Preferably, at least one passageway is provided axially across cutting head 18 between cutting surface 26 and base end 28 to allow the tissue in a root canal to pass outwardly thereof past the cutting head during a root canal procedure. In the preferred embodiment, as best seen in FIGS. 2-4, two such passageways are provided by truncating diametrically opposite sides of base end 28 of the cutting head to provide planar surfaces 40 which interrupt the circular profile of base end 28 and provide passageways therealong. Further in connection with the preferred embodiment, ends 36 of retaining members 34 are welded or otherwise secured to planar surfaces 40 which afford an optimum area along the terminal portions of ends 36 for weldment thereto.
FIGS. 5 and 6 of the drawing illustrate a second endodontic instrument of a set of such instruments according to the invention. In this instrument, cutting head 18 has a length L and cutting head 18 has a length L and cutting surface 26 tapers at an angle a relative to axis A, and the length and angle of taper are respectively greater than and less than the length and angle of taper of the cutting surface of cutting head 18 of the first instrument of the set shown in FIGS. 1-4 of the drawing. Otherwise, the diameter of base end 28 and the length of the instrument from base end 28 to distal end 14 is the same as that described hereinabove in connection with the instrument shown in FIG. 1, and planar faces 40 are spaced the same distance from axis A as in the instrument shown in FIGS. 1-4. FIGS. 5 and 6 also illustrate a modification of the attachment of ends 36 of retaining members 34 to the cutting head, and in this respect ends 36 are welded or otherwise secured to base end 28 rather than planar surfaces 40. It will be appreciated that this modification of the attachment of ends 36 to the cutting head is applicable to the instrument shown in FIGS. 1-4.
FIG. 7 illustrates a third endodontic instrument in a set of such instruments according to the invention. In this instrument, cutting head 18 has a length L and cutting surface 26 has an angle of taper a relative to axis A of the instrument, and the length and angle of taper are respectively greater than and less than the length and angle of taper of the instruments shown in FIGS. 2 and 5. Again, as in the instruments shown in FIGS. 1-6, the diameter of the base, the length of the instrument and the spacing of planar faces 40 from axis A is the same. Further, as will be appreciated from FIG. 7, distal end 14 of the instrument provides the follower portion thereof and, as described hereinabove, is ellipsoidal in profile providing for cutting surface 26 to be tangential with respect thereto and with respect to the circular periphery of the base end of the cutting surface.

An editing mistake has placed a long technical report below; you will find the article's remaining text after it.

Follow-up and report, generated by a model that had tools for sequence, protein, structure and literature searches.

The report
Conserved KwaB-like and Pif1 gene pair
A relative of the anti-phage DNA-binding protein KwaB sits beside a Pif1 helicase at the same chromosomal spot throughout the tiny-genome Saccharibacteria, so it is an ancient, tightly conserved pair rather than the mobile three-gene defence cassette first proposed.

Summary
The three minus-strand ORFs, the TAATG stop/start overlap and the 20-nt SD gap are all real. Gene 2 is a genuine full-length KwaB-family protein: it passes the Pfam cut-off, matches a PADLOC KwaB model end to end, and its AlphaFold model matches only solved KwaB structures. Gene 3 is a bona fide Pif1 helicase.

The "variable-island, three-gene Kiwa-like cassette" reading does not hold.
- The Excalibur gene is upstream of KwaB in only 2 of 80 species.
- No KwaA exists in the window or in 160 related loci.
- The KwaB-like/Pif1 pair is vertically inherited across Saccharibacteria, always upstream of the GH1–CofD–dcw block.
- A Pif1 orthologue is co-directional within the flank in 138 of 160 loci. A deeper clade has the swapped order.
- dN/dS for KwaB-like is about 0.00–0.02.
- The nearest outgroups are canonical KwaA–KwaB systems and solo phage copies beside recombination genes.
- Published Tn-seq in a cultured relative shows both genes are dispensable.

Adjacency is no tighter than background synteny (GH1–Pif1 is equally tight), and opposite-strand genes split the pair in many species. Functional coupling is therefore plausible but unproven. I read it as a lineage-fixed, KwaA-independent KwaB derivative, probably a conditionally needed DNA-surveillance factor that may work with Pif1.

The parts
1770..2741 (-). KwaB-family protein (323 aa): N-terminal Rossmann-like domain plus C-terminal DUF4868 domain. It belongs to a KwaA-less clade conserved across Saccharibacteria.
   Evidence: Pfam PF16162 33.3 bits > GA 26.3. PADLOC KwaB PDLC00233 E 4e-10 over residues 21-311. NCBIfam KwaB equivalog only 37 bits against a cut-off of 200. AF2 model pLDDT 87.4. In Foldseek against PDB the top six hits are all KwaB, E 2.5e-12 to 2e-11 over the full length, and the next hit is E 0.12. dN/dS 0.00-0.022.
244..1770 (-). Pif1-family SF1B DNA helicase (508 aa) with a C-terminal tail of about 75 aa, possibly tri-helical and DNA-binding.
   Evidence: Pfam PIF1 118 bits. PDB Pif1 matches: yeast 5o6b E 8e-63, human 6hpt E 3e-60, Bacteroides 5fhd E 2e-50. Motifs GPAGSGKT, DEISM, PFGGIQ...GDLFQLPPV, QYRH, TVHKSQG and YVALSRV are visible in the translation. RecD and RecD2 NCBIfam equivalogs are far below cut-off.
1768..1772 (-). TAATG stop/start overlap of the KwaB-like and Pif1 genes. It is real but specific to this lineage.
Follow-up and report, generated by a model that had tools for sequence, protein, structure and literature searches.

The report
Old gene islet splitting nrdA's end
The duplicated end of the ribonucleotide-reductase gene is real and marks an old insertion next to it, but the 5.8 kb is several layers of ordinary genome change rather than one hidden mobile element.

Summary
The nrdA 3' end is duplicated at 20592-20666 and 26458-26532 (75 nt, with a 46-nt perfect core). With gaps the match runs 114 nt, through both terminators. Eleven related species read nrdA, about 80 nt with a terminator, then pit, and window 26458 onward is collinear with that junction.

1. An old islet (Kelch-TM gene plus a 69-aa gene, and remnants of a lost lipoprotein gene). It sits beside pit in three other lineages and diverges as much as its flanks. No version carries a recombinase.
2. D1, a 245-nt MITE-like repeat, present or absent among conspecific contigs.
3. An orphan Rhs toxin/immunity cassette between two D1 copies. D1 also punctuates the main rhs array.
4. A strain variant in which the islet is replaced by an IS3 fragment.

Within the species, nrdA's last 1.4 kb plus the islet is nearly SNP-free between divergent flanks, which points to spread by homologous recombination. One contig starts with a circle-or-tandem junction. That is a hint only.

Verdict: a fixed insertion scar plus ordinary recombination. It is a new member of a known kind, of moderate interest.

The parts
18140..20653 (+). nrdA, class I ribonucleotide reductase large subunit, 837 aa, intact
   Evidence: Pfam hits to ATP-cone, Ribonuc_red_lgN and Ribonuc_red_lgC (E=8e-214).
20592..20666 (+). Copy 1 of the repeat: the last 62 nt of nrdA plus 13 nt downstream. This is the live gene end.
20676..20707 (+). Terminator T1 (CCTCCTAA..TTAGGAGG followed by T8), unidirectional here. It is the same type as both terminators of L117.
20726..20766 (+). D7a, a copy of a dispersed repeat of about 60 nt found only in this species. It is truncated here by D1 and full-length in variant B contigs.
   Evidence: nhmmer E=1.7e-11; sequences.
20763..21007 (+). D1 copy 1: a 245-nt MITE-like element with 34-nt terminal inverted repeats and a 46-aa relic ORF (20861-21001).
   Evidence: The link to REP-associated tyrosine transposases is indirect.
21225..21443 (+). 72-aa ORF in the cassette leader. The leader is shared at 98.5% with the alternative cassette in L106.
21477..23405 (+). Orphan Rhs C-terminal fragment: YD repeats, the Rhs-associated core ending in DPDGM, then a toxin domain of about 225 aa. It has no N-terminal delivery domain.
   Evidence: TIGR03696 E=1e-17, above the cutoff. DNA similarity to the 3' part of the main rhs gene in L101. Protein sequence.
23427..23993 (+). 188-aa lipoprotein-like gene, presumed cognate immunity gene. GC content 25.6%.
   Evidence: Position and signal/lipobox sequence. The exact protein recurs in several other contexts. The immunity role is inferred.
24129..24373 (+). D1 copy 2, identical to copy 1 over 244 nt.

It will be appreciated, of course, that a set of endodontic instruments in accordance with the invention can include any desired number of instruments in which succeeding and/or preceding instruments of the set have a cutting head including a frusto-conical cutting surface having a base end of constant diameter and having a length L and an angle of taper a which differs from one instrument to the next. This is shown, for example, in FIGS. 8 and 9 with respect to a set of six instruments in which the frusto-conical outer surface of successive instruments from that shown in FIG. 2 to that shown in FIG. 7 are designated 26 a- 26 f, respectively, and in which the corresponding planar surfaces are designated 40 a- 40 f, respectively. As will be further appreciated from FIGS. 8 and 9, each of the cutting surfaces 26 a- 26 f has a corresponding angle of taper which progressively decreases in the direction from base end 28 of the cutting surface toward distal end 14 of the instrument, and a corresponding length which progressively increases from base end 28 of the cutting surface toward distal end 14 of the instrument. Again, it will be appreciated that any desired number of instruments can be provided in a given set depending on the desired incremental difference in the length L and angle of taper from one instrument to the next in the set.